Eric Idle, John Cleese, Terry Gilliam, Michael Palin and Terry Jones of the comedy troop Monty Python (John Phillips/invision/AP)

Monty Python founding member Terry Jones diagnosed with dementia

Jones directed "Life of Brian" and "The Meaning of Life," and co-directed "Monty Python and the Holly Grail"


Scott Eric Kaufman
September 23, 2016 4:28PM (UTC)

Terry Jones, founding member of beloved English comedy troupe Monty Python has been diagnosed with dementia, the BBC reports.

Along with Terry Gilliam, Jones directed one of the troupe's most iconic films, "Monty Python and the Holy Grail." He also directed "Life of Brian" and "The Meaning of Life."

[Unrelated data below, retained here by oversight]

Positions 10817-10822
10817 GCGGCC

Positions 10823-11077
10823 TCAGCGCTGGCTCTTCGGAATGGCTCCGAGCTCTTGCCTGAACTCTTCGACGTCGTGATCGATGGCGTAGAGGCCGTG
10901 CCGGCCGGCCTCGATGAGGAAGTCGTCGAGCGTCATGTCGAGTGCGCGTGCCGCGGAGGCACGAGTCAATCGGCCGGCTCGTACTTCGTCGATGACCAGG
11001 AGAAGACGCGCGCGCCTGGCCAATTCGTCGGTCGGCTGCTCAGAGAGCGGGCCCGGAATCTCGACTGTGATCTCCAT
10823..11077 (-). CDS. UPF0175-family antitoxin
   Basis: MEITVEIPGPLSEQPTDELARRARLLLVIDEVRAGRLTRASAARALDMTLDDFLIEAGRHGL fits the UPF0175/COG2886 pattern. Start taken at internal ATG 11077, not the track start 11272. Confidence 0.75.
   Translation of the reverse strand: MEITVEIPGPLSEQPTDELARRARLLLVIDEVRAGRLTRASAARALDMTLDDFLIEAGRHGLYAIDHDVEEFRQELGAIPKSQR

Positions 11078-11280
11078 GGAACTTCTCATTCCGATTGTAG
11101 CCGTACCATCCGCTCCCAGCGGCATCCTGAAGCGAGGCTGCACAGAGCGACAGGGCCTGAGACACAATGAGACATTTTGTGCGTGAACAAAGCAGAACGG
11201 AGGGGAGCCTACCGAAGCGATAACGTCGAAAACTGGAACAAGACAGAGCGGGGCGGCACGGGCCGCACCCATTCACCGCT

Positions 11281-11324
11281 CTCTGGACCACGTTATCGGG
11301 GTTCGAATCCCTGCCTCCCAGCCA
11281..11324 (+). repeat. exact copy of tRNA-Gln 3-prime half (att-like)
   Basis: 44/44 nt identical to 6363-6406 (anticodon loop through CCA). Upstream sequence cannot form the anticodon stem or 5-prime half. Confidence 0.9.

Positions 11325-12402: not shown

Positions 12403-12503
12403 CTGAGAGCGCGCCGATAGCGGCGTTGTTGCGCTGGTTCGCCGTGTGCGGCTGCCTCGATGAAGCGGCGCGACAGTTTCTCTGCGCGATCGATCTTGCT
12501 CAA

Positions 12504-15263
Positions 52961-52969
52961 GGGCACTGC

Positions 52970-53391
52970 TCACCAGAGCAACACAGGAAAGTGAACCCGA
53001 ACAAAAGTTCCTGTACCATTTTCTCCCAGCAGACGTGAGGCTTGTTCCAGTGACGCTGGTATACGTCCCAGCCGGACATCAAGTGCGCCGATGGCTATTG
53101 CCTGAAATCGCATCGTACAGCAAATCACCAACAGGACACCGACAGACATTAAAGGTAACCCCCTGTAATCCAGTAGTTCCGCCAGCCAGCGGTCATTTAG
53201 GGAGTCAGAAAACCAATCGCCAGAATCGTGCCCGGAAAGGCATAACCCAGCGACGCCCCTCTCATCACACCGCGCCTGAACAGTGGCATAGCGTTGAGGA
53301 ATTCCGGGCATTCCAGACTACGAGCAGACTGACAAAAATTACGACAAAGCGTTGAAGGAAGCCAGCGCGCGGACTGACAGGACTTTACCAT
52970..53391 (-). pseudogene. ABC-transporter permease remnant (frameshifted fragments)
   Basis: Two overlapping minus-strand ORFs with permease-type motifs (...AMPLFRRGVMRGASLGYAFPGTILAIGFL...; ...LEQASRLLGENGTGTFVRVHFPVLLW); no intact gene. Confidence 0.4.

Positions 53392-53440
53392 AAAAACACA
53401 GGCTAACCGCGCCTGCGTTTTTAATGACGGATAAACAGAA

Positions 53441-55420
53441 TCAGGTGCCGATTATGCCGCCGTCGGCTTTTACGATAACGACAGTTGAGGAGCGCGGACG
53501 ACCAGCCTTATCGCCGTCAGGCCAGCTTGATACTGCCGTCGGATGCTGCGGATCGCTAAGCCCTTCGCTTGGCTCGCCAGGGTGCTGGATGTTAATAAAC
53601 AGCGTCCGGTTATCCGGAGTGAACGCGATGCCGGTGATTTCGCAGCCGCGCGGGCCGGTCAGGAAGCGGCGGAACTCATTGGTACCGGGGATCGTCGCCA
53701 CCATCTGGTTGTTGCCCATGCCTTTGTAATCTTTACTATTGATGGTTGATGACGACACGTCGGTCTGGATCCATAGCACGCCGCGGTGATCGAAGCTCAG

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A spokesman for Jones told The Guardian that "Terry has been diagnosed with primary progressive aphasia, a variant of frontotemporal dementia."

"This illness affects his ability to communicate and he is no longer able to give interviews," the spokesman continued. "Terry is proud and honored to be recognized in this way and is looking forward to the celebrations.”

Kathryn Smith, director of operations at Alzheimer's Society, expressed her condolences, saying "[w]e are deeply sorry to hear about Terry Jones's diagnosis of dementia and are thinking of Terry and his family during this time.


Scott Eric Kaufman

Scott Eric Kaufman is an assistant editor at Salon. He taught at a university, but then thought better of it. Follow him at @scottekaufman or email him at skaufman@salon.com.

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